Then there is the environmental damage. Any disturbing of the surrounding hills in a water catchment would degrade water quality.

Given the location & what they are removing, the helicopter would be the most sensible option I would think.

Apology in advance P1, I miss read “Then” because of the typo. I am assuming it should have been “than”?

KB1971 10:12 am 18 Apr 13

p1 said :

Even at tens of thousands of dollars per hour for such a job – and it would be that kind of money – it would be much cheaper then the earth moving equipment needed to make road access to get a crane close enough to pull the cars out (our you could drag them out with a dozer… either way, not very tidy, since the aim is to clean the place up).

Really?

What is a D9 worth? Half a million or more? It would have to be charged out at $500/h ish.

It then has to build a road good enough to get an off road crane with a massive boom close enough to lift cars out of gullies quite a distance away.

Cranes dont come cheap, the smallish Japanese ones you see getting around here are worth half a mil too but would not have the lift capacity or boom length at full extension, so a more expensive jobbie would be needed.

Then you have to build a road close enough to get to each wreck, not evey wreck will be in the same spot.

Weeks of work, then there is the WHS issues of having such heavy machinery working in steep terrain.

Then there is the environmental damage. Any disturbing of the surrounding hills in a water catchment would degrade water quality.

Given the location & what they are removing, the helicopter would be the most sensible option I would think.

p1 9:53 am 18 Apr 13

Even at tens of thousands of dollars per hour for such a job – and it would be that kind of money – it would be much cheaper then the earth moving equipment needed to make road access to get a crane close enough to pull the cars out (our you could drag them out with a dozer… either way, not very tidy, since the aim is to clean the place up).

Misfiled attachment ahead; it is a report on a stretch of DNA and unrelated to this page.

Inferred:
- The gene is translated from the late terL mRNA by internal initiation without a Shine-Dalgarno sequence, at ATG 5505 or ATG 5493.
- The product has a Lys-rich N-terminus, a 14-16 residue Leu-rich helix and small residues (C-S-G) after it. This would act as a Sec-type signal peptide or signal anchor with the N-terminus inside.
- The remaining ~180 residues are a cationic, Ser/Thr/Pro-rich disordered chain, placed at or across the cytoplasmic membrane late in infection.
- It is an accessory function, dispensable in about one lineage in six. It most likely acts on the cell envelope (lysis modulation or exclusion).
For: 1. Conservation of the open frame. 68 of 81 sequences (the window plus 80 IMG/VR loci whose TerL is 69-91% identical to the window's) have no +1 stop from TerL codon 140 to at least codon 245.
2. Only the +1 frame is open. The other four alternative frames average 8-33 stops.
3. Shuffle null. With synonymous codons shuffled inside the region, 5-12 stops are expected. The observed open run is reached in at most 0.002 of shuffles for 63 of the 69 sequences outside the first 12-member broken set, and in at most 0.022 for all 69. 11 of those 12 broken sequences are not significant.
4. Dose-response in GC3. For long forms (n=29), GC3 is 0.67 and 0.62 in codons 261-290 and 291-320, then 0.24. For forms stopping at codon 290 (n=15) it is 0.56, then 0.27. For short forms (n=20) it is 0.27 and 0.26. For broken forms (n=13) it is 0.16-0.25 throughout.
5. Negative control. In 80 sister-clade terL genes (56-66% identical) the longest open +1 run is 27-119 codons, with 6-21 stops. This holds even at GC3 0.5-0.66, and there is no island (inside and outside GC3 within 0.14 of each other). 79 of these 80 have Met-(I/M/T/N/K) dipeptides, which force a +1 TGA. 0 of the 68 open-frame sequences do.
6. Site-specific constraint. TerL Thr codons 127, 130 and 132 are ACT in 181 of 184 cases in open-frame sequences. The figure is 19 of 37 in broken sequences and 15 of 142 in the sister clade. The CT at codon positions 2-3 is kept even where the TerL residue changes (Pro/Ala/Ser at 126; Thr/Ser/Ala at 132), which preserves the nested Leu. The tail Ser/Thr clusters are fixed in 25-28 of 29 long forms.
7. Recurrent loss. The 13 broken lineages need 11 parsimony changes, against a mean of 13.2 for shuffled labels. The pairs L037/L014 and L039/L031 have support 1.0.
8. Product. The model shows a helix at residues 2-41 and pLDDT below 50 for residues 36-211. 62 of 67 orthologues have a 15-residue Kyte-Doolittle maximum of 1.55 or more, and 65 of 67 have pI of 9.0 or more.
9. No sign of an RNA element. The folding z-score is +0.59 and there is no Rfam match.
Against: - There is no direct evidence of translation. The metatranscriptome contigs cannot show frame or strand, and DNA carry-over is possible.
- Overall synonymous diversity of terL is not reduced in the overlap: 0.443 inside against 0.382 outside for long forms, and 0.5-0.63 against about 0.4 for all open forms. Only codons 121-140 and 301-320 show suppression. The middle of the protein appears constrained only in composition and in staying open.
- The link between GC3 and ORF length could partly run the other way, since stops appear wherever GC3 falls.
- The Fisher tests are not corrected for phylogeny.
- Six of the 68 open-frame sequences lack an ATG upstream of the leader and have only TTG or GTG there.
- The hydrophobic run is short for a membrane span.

dungfungus 9:47 am 18 Apr 13

KB1971 said :

It was amazing to see the amount of cars dumped on the northern side of the river after the fires. They were all hidden by the undergrowth.

Your observation highlights the problems of visually locating missing/crashed light aircraft in the mountain ranges of Eastern Australia. There are still several missing aircraft (and the poor souls that were in them) unaccounted for in areas around Canberra.
Also, even though the authorities have located numerous cannabis crops in the ranges around Canberra, how many more are there that are undetected?

KB1971 9:46 am 18 Apr 13

460cixy said :

I guess they HAD to use a chopper

No cheaper alternative ?

Have you been along the Cotter River valley upstream of the dam?

dungfungus 9:32 am 18 Apr 13

460cixy said :

I guess they HAD to use a chopper

No cheaper alternative ?

It wasn’t a matter of finding a cheaper alternative, there was no alternative. Using this special lift helicopter was very cost effective, the whole job being done in a few hours with the cars being lifted from recovery vehicle inaccessable areas to access road where tow trucks could take them away.
Good job done TAMS – maybe this type of operation could be done regularly from now on to recover other trashed vehicle around Canberra.

Tooks 9:22 am 18 Apr 13

460cixy said :

I guess they HAD to use a chopper

No cheaper alternative ?

Why do you care? Like me, you’re contributing a poofteenth of a dollar to this.

460cixy 8:09 am 18 Apr 13

I guess they HAD to use a chopper No cheaper alternative ?

thebrownstreak69 8:08 am 18 Apr 13

Dude, where’s my car?

bundah 11:39 pm 17 Apr 13

Just the odd one or two hundred insurance jobs over the decades.

KB1971 7:48 pm 17 Apr 13

It was amazing to see the amount of cars dumped on the northern side of the river after the fires. They were all hidden by the undergrowth.